5. Walt Murray, Director of Quality & Compliance Consulting Services, MasterControl Inc

The nature of control and the importance of the outsourcing process is independent of supplier selection. The risk involved, and the competence of the supplier to meet the process requirements, is the strategy. Mitigation planning is the reactive component of the strategy and not the premise for control. In any scenario, business dynamics dictate the relationship necessary for control. Preventive control measures are the actionable conditions under which the strategy should work. This makes mitigation a secondary path of control in the supply chain risk strategy. Aggressive critical thinking in risk-based decision making is the key to success. Planning analysis for critical points that introduce risk is the other process skill. As mentioned, scenario analysis must be thorough and the reality of the circumstances must be evaluated for risk, making visible both sides of the condition or criteria being scrutinized for a control strategy that is both proactive and reactive.

6. Patrick Ross, Audit and Business Advisory Partner at Haskell & White

Our clients have identified sourcing additional suppliers as their most actionable mitigation strategy. Best practice is to have a “source tree” of all critical components before you need it, that way the lead time can be reduced to an acceptable level. For most manufacturers of unique, specific products, this is more involved than looking up replacement vendors through Google searches. Such vendors need to be vetted in advance for quality, including letting them know any testing protocols in advance to make sure their parts can pass any testing criteria. You should also inquire about capacity to deliver necessary order levels. They too can be at risk for their critical components.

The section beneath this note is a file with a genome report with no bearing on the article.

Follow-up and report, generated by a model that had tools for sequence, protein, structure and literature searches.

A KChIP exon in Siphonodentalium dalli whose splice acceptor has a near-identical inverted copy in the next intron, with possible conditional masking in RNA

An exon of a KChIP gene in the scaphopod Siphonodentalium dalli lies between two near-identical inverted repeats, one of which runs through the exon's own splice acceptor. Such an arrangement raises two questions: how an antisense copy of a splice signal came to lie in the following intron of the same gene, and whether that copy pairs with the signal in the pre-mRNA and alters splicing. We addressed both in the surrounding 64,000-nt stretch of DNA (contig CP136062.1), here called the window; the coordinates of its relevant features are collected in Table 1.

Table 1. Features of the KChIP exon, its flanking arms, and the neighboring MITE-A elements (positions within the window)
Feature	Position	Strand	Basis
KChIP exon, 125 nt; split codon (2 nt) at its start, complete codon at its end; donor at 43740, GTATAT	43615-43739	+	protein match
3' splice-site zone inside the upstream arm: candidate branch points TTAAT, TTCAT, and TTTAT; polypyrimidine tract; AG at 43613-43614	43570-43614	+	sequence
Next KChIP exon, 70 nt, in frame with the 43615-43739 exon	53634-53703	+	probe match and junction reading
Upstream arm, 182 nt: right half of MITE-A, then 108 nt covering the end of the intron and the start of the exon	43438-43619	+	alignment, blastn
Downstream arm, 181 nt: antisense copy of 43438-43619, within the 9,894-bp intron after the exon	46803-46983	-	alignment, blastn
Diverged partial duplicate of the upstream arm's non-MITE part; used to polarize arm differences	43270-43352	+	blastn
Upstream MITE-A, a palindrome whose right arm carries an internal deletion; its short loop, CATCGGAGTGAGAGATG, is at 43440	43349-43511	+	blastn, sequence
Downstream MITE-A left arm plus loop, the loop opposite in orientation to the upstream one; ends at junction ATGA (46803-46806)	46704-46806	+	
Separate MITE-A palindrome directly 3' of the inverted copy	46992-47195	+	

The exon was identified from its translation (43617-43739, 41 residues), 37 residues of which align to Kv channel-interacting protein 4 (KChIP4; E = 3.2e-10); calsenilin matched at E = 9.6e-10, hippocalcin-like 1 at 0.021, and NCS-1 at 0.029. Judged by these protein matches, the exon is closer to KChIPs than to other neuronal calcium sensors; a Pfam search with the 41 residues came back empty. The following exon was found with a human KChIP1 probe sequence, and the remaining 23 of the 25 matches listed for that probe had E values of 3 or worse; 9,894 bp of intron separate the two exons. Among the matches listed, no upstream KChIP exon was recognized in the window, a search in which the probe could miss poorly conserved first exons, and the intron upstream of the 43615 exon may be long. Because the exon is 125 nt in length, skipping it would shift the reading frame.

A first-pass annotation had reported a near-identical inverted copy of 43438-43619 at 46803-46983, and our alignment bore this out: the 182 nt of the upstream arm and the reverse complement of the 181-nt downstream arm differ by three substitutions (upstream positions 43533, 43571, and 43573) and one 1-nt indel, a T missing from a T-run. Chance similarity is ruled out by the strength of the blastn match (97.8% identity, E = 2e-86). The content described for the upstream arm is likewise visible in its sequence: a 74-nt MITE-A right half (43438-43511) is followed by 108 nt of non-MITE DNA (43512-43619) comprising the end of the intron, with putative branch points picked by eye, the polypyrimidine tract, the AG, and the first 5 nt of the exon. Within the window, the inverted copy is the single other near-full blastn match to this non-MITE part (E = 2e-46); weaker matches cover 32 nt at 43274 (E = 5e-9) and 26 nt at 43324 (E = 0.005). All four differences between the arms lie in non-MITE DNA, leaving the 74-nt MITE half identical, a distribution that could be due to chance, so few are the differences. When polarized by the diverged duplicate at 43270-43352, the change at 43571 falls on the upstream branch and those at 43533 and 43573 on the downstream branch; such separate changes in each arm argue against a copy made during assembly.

7. Andreas Wieland, Assistant Professor of Supply Chain Management, Copenhagen Business School 

Moving from a company perspective towards a supply chain perspective is a crucial step to mitigate supply chain risk. In the past, however, companies have often just extended their enterprise risk management systems by including additional risk categories on the supply side and called this new approach a supply chain risk management system. However, trying to plot all types of risk in all suppliers and even suppliers’ suppliers in the risk matrix is doomed to fail: A supply chain typically consists of hundreds or, as in the automotive industry, even thousands of independent companies and the structure of such supply chain systems is constantly changing. How could a risk manager ever be able to predict all relevant risk categories for all actors in a system as complex and dynamic as a supply chain?

Instead of focusing too much on risk sources, companies should focus on relevant risk consequences. Indeed, it is often unimportant why the supply disrupts, more important is to ensure that it does not disrupt by making the system more robust. This leads to changes in the design of supply chains that help to prevent and avoid risk.